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South Australian Vegetable Producer Seeks a Reliable Partner

South Australian Vegetable Producer Seeks a Reliable Partner


South Australian Vegetable Producer Seeks a Reliable Partner

Article by: Hari Yellina

One of Australian horticulture’s most renowned companies is searching for a partner to invest $30 million in its expansion aspirations. Since its inception in 1998, the high-tech glasshouse business on the outskirts of Adelaide has received different government subsidies. The project has expanded to encompass 12 hectares of undercover hydroponics, allowing it to become a significant year-round vegetable supplier to supermarkets and other food stores in Australia. P’Petual Holdings, the company’s owner, is now looking for a partner to help it accelerate its expansion objectives. Tomatoes, cucumbers, and eggplants are all prominent crops grown in greenhouses. Colliers expects the half sale to “generate strong interest in the vicinity of $30 million from large food and horticultural firms, universities, and private individuals,” according to the agency.

P’Petual Holdings is a year-round producer, packer, and marketer capable of supplying high volumes of reliable product. Jesse Manuel, Colliers’ head of agricultural transactions, said the P’Petual firm had grown beyond its Buckland Park location’s original double-skinned plastic greenhouses. It had expanded in recent years to include a six-hectare modern glasshouse development, as well as an administration and service facility. “With the addition of the additional production space, our client has solidified its position as a major player in the tomato, mini-cucumber, and eggplant categories, as well as pre-pack lines under its well-known Ausfresh brand,” Mr Manuel added.

“The owners are open to a variety of transaction formats, and we feel that the founders’ expertise and industry ties, which they have built over two decades, would complement fresh capital wanting to take advantage of P’Petual’s present demand.” Passive investors may be interested in an equity partnership to accelerate further construction and growth of the existing firm, or a sale and leaseback of real assets to unlock expansion money, according to Mr Manuel. In 2017, the company announced intentions to more than treble its footprint to encompass 28 acres of covered space. Henry Liu, co-owner and operator, expressed his enthusiasm for the company’s future prospects.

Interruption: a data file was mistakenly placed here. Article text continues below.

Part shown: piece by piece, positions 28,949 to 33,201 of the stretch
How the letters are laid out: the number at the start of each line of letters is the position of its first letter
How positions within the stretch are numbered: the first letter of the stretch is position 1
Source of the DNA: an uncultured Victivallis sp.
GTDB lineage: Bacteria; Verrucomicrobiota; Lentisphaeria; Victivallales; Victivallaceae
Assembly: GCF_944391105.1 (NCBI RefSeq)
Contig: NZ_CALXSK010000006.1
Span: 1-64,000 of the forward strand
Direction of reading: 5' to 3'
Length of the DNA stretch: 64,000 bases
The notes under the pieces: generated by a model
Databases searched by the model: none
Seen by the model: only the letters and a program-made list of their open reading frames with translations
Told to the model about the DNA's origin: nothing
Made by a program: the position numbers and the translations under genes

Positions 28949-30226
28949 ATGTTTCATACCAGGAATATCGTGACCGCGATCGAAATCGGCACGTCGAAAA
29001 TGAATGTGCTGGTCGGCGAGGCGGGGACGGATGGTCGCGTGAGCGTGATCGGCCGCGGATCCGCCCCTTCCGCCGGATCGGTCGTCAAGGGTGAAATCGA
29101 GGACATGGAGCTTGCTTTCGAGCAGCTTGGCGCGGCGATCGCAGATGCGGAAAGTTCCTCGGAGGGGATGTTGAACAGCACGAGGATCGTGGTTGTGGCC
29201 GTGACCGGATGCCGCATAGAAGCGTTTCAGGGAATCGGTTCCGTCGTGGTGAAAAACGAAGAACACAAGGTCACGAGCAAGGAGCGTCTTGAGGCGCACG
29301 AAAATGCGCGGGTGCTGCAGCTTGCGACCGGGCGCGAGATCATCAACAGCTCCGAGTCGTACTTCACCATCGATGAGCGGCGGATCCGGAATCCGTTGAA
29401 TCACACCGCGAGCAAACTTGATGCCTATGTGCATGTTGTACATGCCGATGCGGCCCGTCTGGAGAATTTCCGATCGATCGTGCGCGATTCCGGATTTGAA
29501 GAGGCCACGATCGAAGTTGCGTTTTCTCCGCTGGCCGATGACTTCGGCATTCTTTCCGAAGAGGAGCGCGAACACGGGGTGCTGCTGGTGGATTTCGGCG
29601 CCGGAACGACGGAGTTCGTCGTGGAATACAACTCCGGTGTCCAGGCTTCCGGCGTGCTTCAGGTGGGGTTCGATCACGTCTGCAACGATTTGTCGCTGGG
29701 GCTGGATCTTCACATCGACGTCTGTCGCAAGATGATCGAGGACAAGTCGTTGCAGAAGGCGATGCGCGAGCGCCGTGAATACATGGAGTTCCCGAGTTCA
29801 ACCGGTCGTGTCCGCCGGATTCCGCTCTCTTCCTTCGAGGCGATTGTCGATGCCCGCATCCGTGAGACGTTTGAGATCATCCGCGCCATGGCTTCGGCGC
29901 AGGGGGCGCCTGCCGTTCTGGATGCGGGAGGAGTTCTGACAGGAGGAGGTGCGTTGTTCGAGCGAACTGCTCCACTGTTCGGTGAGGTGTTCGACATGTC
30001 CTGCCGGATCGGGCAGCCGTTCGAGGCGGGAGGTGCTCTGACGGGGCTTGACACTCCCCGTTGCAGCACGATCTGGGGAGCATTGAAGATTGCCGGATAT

“With an excellent product line, a huge and diverse client base, and plenty of acreage for expansion, we’re not only selling a turn-key firm as a continuing concern, but also one with a production area that can be nearly doubled in size rather rapidly,” Mr Liu explained. Tim Altschwager, Colliers national director of agriculture transactions, said the P’Petual firm places a strong emphasis on sustainability. “P’Petual is implementing a number of steps to guarantee that the company’s environmental effect is as low as possible,” he stated. Adopting recovered rainwater, recycling carbon dioxide emissions, and using integrated pest management are just a few of the latest innovations. “The advantages of such operations include improved production yields, lower costs, and a lower carbon footprint,” Mr Altschwager explained.

“Supermarkets and other national clients, such as marketers, market wholesalers, and agents, seek out the company’s services because of its capacity to offer big amounts of consistent product on a regular basis,” he said. Protected Cropping Australia estimates that the indoor cropping industry is worth $1.8 billion per year at the farm gate. It accounts for 20% of Australia’s total vegetable and cut flower production and is growing at a rate of 4-6 percent per year. Protected cropping, according to Mr. Manuel, allows growers to have significantly more control over environmental conditions and produce all year to take advantage of high out-of-season prices. Colliers is seeking proposals from investors and prospective buyers through expressions of interest to close in mid-July.